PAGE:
Apple announced on August 5, 2021 that it would introduce three new child safety features in its upcoming iOS 15 update in the United States. These features are intended to help protect children online and curb the spread of child sexual abuse material (CSAM). The new features will scan messages to alert parents and children that an image could potentially be CSAM, expand Siri and Search to provide resources and support in unsafe situations, and detect CSAM images stored in iCloud.
The most controversial feature is an on-device machine learning mechanism that scans a user’s photos, as they are being uploaded to Apple’s cloud storage system (iCloud), for CSAM images by comparing it with known CSAM stored in the National Center for Missing and Exploited Children (NCMEC) database. If a threshold is reached with regards to a certain number of matched photos, a human review of the images will be completed. If the images are confirmed to match known CSAM, the images and user will be reported to NCMEC, as required by U.S. law.
Apple’s plans were in response to criticism it faced in 2019 that it makes very few reports to NCMEC on CSAM and in anticipation of EU legislation, which would require tech companies to proactively identify and report CSAM content shared on their products and platforms.
This move by Apple appears to contradict its strong philosophical stance on privacy, promising its users that they do not share user data with anyone, including governments. Critics argue that Apple is creating an on-device surveillance system that would violate the trust users had put in Apple for protecting on-device privacy. Apple was accused of hypocrisy after it had taken a stance on privacy in 2016 by refusing US law enforcement requests to unlock the iPhone used by one of perpetrators of the San Bernardino mass shooting.
Other criticism stated that the new features are a “slippery slope to backdoors that suppress speech” and the parental notification features could be harmful to LGBTQI adolescents. The Electronic Frontier Foundation warned that “though these capabilities are intended to protect children….we are concerned that it will be used to censor protected speech, threaten the privacy and security of people around the world, and have disastrous consequences for many children.”
A major concern voiced by many is that Apple could come under pressure from governments to use its new features to gain access to their citizens’ personal data, such as anti-government messages. Edward Snowden criticized the plans as a “tragedy” and the new features would “permanently redefine what belongs to you, and what belongs to them.”
On the other hand, child protection advocates say that Apple’s move to detect CSAM is long overdue.
“The amount of CSAM being shared through Apple’s services is a mystery.… Child Rescue Coalition thinks it is right to presume the CSAM is there but is not being found and reported – because nobody at Apple is detecting it.” — Glen Pounder, Child Rescue Coalition.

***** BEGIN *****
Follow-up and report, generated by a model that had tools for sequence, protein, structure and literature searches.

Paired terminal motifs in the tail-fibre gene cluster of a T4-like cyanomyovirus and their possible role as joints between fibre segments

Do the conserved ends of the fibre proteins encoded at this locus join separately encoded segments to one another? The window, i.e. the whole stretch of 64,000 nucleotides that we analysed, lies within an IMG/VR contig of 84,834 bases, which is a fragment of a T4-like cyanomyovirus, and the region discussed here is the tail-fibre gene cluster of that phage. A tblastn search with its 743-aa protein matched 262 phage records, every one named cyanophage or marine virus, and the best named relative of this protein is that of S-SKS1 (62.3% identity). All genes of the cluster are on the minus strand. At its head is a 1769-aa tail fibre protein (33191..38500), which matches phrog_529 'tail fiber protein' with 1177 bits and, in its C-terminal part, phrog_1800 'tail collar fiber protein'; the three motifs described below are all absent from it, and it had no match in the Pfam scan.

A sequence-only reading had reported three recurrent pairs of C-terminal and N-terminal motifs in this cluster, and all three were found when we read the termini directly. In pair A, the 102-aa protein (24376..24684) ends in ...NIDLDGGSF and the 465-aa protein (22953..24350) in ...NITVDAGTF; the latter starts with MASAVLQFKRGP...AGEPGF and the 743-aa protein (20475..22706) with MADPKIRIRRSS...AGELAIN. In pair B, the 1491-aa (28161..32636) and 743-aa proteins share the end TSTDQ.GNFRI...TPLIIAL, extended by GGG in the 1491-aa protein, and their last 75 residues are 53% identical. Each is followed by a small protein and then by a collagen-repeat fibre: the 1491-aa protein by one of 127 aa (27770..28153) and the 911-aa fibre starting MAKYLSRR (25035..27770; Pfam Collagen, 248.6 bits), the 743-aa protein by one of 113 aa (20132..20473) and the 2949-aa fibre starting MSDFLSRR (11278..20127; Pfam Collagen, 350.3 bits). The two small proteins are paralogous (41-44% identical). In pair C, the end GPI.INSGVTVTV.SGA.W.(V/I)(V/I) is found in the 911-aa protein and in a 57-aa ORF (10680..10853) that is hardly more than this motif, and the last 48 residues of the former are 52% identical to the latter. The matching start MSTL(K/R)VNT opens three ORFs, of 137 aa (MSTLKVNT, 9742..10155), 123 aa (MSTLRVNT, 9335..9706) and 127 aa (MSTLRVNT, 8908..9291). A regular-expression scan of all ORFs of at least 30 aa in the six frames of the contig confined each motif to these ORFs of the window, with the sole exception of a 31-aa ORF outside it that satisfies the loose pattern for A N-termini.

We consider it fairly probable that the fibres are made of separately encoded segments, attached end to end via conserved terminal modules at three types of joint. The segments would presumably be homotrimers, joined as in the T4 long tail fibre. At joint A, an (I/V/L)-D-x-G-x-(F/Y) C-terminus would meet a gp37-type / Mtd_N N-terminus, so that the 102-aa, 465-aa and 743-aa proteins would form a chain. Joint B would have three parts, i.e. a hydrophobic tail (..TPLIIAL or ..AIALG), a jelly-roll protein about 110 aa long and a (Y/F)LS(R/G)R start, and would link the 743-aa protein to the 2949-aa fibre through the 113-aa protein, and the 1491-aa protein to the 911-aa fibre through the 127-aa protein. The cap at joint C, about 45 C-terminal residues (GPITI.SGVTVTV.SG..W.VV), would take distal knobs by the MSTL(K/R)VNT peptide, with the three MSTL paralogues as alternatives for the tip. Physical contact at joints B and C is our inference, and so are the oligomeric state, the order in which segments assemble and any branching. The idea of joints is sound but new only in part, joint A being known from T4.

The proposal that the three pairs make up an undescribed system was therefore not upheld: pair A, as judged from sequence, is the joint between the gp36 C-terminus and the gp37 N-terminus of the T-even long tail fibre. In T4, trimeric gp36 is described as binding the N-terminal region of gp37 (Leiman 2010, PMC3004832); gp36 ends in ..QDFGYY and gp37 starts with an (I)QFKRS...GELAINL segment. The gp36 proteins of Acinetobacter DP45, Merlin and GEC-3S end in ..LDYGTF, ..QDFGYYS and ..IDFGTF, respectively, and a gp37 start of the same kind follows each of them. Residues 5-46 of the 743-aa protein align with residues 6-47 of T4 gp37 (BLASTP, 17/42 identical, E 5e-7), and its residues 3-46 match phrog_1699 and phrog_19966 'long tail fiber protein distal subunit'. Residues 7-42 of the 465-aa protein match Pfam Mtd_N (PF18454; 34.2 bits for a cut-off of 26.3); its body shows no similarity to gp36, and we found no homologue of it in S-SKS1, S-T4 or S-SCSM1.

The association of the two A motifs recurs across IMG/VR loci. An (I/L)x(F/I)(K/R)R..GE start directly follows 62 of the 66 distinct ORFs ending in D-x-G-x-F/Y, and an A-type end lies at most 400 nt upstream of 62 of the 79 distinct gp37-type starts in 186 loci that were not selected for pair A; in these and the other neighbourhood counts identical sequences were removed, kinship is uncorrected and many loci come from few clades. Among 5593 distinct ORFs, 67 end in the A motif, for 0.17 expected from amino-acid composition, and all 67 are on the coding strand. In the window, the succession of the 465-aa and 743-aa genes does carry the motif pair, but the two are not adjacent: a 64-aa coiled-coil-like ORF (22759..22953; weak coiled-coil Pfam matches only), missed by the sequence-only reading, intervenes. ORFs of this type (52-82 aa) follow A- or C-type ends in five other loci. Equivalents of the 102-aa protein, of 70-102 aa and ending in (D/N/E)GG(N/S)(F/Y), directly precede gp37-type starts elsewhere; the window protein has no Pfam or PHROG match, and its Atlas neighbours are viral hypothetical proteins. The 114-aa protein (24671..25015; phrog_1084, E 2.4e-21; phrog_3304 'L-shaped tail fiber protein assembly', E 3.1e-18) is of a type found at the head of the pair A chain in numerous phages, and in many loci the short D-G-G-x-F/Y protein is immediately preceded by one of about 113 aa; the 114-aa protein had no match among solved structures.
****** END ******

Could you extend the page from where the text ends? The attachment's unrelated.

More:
- How could scanning user content on a device affect iPhone sales and user trust?
- Is there a difference in privacy expectations when companies scan for content on a user’s device vs scanning for user content that lives on a company’s servers?
- How can companies communicate complex trust and safety changes such as these to the public, particularly when the public is already questioning the security of end-to-end encrypted messaging (for example, WhatsApp’s controversial terms of service change)?
- How should the company leverage community/external stakeholders or industry alliances to craft and effectively communicate policy changes and approaches?
- How can the company assure users that they will not use this technology in future for purposes beyond its original intent?
- How should the company approach obtaining sufficient user consent when changing the mechanism by which they manage users’ data for the purposes of trust and safety?
- How should the company plan the number human reviewers required to process the scale of affected content?
- How can companies balance user privacy whilst also ensuring that harmful content, such as CSAM, is detected?
- Does creating monitoring features such as Apple’s CSAM detection feature increase the likelihood of pressure by regulatory or government to use it for other purposes? How can a company resist or hold the line against this type of pressure? When might a company decide to allow the use of such features beyond its intended purpose?
- Could these features increase pressure on other tech companies to use similar techniques?
- What can be done to restore the trust of users who may fear that their privacy is being compromised by on-device surveillance?
- Is scanning for CSAM material using NCMEC and other comparable databases effective in combating child sexual abuse?
- What threats do these types of detection systems pose to end-to-end encrypted messaging systems?
In response to the intense media storm, on September 3, 2021, Apple announced that it would “take additional time over the coming months to collect input and make improvements” before releasing these critically important child safety features.
Written by Tasneem Akhtar, September 2021